Andrew Detmer (Dane DeHaan), his cousin Matt Garetty (Alex Russell) and best friend Steve Montgomery (Michael B. Jordan) stumble upon a strange object in a cave near their neighbourhood and through it gain weird telekinesis powers. At first playing pranks on locals, the boys’ intentions and powers become darker, until the day Andrew, the introvert flips and lashes out at everyone.
I really like this film. I haven’t seen it at the theatre and didn’t know what to expect. Of course it uses the old handycam point of view trick and that was probably what detracted the most from the film. Chronicle has the aesthetics of a cheap independent film but really has Hollywood budget to dish out marvelous flying scenes, as the boys learn to fly.
If you’re a comic book reader, you’ve seen this story before. In fact, if you know about Akira, you’ve seen this movie before. One of the kids becomes stronger than the other and it’s up to the other two to stop him. Still, what made this film great for me were the jokes and the pranks the boys were playing on people. I’ve rewatched a couple of scenes and I just crack up every time I see that little girl being chased by a giant teddy bear.
By using only material available from filmed recordings the film cuts some exploratory scenes that probably would have dragged it pitifully into long explanations. So there are no scenes explaining how they came out of the cave or how they first discovered their powers. Early on, director Josh Trank establishes that any camera is game as a way to build the story. Thus Matt’s girlfriend who is also obsessed by cameras serves as a counterpoint to Andrew’s filmed monologue.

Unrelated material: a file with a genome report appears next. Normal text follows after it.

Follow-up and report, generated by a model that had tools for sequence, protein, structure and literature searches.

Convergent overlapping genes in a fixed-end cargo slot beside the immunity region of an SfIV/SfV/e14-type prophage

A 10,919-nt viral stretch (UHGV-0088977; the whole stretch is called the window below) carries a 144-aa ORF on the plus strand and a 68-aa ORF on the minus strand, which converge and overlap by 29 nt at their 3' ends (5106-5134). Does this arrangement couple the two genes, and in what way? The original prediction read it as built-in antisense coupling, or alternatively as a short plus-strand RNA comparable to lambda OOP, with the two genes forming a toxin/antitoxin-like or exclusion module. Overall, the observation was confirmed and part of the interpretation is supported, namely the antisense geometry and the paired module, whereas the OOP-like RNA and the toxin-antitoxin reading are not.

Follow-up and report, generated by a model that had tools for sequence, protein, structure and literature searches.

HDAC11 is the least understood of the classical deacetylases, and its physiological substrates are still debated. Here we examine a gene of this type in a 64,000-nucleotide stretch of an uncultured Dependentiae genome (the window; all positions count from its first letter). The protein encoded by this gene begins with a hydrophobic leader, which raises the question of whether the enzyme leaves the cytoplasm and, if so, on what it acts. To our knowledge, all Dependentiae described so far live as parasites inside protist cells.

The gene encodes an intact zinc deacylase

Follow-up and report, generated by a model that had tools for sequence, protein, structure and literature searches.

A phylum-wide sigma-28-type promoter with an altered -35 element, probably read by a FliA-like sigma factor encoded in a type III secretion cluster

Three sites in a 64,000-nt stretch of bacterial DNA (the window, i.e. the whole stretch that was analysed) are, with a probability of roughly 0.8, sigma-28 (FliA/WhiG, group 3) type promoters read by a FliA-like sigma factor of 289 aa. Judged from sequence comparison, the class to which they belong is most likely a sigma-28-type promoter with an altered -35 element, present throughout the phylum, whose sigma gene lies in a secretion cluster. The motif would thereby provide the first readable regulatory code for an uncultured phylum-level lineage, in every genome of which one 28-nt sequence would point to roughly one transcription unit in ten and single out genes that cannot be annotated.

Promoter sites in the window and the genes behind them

This story will be particularly interesting to comic book readers. I would venture that even if this film was not very popular at the box office, it was has the ultimate Marvel revisionist streak that we can also see in films like Kick Ass and comics like Nemesis, but done much better. We don’t really go into the super hero mode although there are a lot of super hero and Peter Parker with great powers come great responsibility moments. It’s not overdone or moralistic in any way. The kids are really kids. Actually, I was surprised to learn that they are much older than what they appear to be on screen.
If this was a super hero movie, I’d rank it above most of them and Hancock which is its closest cousin. I got the DVD version for review so cannot discuss the deleted scenes which are not included. The extras showed some animatics previews and test shots with stand in actors. I wish more had been said about the behind the scene of this movie. Expect a sequel.